I think, as an adult, you kind of get to a point when you’re so comfortable with your relationships–friendships included–that it seems that all the bonds have been forged. You don’t think much about meeting your next–or should I say newest–best friends when you already have so many it feels like your heart could explode.

And then, you have a child with Down syndrome. And before you know it, women you’ve never seen before are bounding over to you at your first workshop to introduce themselves and insist that even though you aren’t from their side of town you simply must join their playgroup. You will get emails from women you’ve never even heard of, from cities you’ve never even visited, reaching out to you, welcoming you to the club. And women you’ve met only through social media are so excited to finally meet you in person that they announce with the sincerest of enthusiasm how nice it is to finally meet you and that you’re going to be best friends always. And you smile, taking it all in, wondering if having a child with Down syndrome suddenly transports you to a land of perpetual happiness where all the moms are BFFs… 😉 Of course, you’ll meet a few moms (and sometimes dads) here and there that you just aren’t so sure about. And that’s ok too. But the ones you really click with, well, you find out not very far into the journey how those friendships will come to sustain you.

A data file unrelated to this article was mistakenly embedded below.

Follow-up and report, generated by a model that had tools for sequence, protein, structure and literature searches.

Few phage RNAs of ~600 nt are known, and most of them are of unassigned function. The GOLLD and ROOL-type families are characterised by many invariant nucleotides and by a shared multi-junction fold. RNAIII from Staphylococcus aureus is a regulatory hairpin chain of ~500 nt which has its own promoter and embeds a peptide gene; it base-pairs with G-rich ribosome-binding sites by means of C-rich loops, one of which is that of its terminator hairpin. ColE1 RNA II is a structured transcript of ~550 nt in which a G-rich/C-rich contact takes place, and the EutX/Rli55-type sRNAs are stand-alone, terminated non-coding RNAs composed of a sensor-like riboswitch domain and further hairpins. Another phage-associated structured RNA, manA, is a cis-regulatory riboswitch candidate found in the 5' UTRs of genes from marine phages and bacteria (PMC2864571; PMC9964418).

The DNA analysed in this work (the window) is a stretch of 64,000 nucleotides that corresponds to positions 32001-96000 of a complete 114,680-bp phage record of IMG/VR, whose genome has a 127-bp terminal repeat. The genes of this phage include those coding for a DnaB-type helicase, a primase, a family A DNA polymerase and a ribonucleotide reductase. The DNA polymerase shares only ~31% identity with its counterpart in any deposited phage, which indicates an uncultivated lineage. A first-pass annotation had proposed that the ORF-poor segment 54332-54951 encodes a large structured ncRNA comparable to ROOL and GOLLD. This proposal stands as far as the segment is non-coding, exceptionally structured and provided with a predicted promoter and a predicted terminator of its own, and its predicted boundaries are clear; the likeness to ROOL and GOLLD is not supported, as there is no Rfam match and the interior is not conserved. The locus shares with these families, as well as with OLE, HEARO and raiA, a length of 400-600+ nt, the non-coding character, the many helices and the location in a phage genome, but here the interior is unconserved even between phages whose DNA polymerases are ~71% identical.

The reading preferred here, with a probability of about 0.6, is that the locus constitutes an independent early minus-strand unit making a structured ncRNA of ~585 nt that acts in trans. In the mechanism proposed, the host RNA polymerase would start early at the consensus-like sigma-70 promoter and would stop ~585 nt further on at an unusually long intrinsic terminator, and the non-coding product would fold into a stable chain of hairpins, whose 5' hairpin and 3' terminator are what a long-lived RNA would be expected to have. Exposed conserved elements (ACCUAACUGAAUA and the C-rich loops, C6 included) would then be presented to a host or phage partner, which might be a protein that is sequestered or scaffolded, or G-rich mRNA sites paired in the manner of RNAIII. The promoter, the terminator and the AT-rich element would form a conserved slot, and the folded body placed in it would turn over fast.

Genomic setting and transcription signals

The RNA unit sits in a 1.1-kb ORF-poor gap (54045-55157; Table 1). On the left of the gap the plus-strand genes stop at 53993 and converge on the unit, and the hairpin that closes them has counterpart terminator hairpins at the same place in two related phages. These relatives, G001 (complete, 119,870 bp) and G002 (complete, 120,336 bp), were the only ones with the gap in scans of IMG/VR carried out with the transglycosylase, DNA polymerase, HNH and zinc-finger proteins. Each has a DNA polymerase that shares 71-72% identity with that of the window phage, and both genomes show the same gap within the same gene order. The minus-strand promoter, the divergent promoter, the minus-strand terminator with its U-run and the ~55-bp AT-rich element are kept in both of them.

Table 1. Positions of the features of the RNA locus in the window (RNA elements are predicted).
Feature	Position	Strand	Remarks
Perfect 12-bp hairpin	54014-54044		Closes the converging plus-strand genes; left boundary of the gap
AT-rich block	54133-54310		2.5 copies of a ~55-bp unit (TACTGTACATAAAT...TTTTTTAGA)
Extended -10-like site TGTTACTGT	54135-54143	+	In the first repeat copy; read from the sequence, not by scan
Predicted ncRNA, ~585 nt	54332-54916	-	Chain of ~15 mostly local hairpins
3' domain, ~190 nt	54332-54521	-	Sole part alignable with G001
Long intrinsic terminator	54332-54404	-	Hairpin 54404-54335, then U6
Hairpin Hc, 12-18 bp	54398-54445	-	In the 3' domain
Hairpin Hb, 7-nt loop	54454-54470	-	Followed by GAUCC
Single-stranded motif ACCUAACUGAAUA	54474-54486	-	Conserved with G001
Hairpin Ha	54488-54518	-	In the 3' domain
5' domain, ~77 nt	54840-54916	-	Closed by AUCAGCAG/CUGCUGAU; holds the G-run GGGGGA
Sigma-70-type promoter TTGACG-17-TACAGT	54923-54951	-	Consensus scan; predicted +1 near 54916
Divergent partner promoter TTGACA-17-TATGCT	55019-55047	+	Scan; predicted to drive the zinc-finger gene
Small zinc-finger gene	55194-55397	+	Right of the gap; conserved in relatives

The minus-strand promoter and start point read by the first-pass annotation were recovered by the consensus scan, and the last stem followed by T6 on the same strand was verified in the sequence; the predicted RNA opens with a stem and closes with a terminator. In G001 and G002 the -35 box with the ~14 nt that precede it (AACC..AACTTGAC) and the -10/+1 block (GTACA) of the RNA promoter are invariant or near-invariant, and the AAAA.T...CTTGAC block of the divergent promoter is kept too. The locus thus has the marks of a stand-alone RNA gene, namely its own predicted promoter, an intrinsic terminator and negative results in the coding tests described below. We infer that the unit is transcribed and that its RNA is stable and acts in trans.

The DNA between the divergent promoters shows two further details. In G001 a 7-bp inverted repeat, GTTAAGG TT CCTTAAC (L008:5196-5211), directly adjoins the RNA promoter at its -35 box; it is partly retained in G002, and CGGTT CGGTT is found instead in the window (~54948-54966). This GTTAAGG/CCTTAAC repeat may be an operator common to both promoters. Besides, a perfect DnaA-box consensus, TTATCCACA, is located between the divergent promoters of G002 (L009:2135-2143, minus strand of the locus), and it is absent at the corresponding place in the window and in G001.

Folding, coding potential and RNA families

Now, I know it might sound like the hokiest testament to friendship ever. And, in fact, we have laughed at ourselves, and exchanged some oh GAWD, you must have thought I was so weird moments. Sometimes I think we women try harder to impress new friends than new mates. 😉

But in all seriousness, I’m not sure if those women–the ones I described above–will ever really know how much it meant to me to be greeted with such gusto and warmth during what was certainly an unsteady time in my life, especially with Eli’s medical concerns. I didn’t really know then if those women would become part of my circle of best friends, but I knew that I wanted to be part of a group of women so willing to take in a stranger simply because of an extra chromosome in common. I knew these were good women. And now I know they are amazing women.

To say I don’t get out much is an understatement. Well, let me rephrase that–I actually get out quite often. But I’m carting kids around in my booger-smeared sweatpants in need of a haircut (again) and looking haggard and worn (my husband hates my “uniform,” as he calls it, and can’t believe I would ever go in public while wearing sweats…). But in the not-so-distant past, I actually got out. Without kids, without the husband, but with makeup! On this particular day, I wasn’t feeling so great and almost backed out of going. But I didn’t, mostly because I had been looking forward to it for a week. And I’m so glad I went because I left feeling like I needed to tell the whole world what an amazing group of women I’ve been blessed to know thanks to my son. (There’s that amazing word again. I’ve got to get a thesaurus…)

So let me tell you a little something about these women. These are women of grit. They are tough as nails and smart as hell and witty and brilliant and hilarious. They have plastered smiles on their faces while their babies lay in pieces in the NICU. Or after being cut wide open in surgery. Because they’ll be damned if they’ll let their own fear get in the way of comforting their precious babies. They have listened with fierce intensity and resigned stoicism to disappointing reports and bleak diagnoses. They have exercised the restraint of saints by not tearing apart inconsiderate doctors. Or nurses. Or people that stare at restaurants. Or grocery stores. Or pretty much anywhere.